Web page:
This kind of policy fine-tuning, however well-conceived and however well-executed, is very unlikely to weaken the many distortions that hobble the economy as a whole and the labour market in particular. In our view, if we are to see much faster economic and employment growth, many policies need to be overhauled, not fine-tuned.
How one responds to the Jobs Summit, then, depends on whether you believe fine-tuning or policy overhaul is required.
It is, of course, possible that the social partners know all this, but believe that political constraints make overhaul very difficult because achieving agreement on what to do is hard and imposing the right mix of policies risks political and economic disruption. If that is the case, then, the Jobs Summit may have delivered as much as might reasonably be expected from such a process. The cost of this is brutal, however: without overhaul, SA will remain trapped in a stagnant economy and massive unemployment.
The cost of setting high minimum wages and standards that all employers must meet is that too few jobs are created. Real reform would include exempting small and newly created firms from many current regulations including the imminent NMW. It would also include making SA a competitive place for light manufacturing to attract the many jobs leaving China. Creating an environment in which companies are able and encouraged to create large numbers of low-skill jobs is the single most important step SA could take to make its growth path more inclusive.
The agreement’s welcome extension for ten years of the employment tax incentive is the only meaningful measure to reduce the cost of employment. And it would have been better if the incentive had been extended to a broader range of low-wage workers. This is especially so in light of the pending implementation of the national minimum wage.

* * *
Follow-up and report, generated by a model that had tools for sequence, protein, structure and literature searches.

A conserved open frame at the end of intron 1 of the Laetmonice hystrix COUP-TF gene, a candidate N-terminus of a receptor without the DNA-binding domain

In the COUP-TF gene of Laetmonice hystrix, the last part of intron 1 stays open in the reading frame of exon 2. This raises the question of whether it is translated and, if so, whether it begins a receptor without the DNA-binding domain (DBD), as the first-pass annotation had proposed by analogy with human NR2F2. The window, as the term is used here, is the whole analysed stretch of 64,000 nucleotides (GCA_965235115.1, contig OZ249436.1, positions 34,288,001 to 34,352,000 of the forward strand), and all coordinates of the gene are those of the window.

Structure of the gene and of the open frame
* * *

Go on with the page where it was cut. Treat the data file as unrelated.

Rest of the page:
That said, the Jobs Summit did make some advances, and could open up the possibility of more meaningful movement later.
Business representatives are encouraged that the mood of engagement with government is a vast improvement on what has prevailed over the past few years. The establishment of a Presidential Jobs Committee promises that employment growth will receive greater priority than hitherto. According to the agreement this committee will ‘urgently’ deal with a range of issues, including the immigration regime. This opens up some space and business should certainly push for fundamental reform with respect to skilled immigration - not just fine-tuning but far ranging reforms that would affect the entire economy not only large firms.
SA’s growth path must become more labour intensive, the country must become a more competitive place in which to do business and wages matter for employment acceleration. There are real limitations to what can be expected of the plethora of initiatives and reforms that have been agreed. Tinkering with what we have will not suffice. SA must seize the nettle of fundamental reform sooner rather than later if we are to achieve faster growth and millions more jobs. This will require bold leadership and skilful political management.
Ann Bernstein is executive director of the Centre for Development and Enterprise.
This article first appeared on BusinessLive.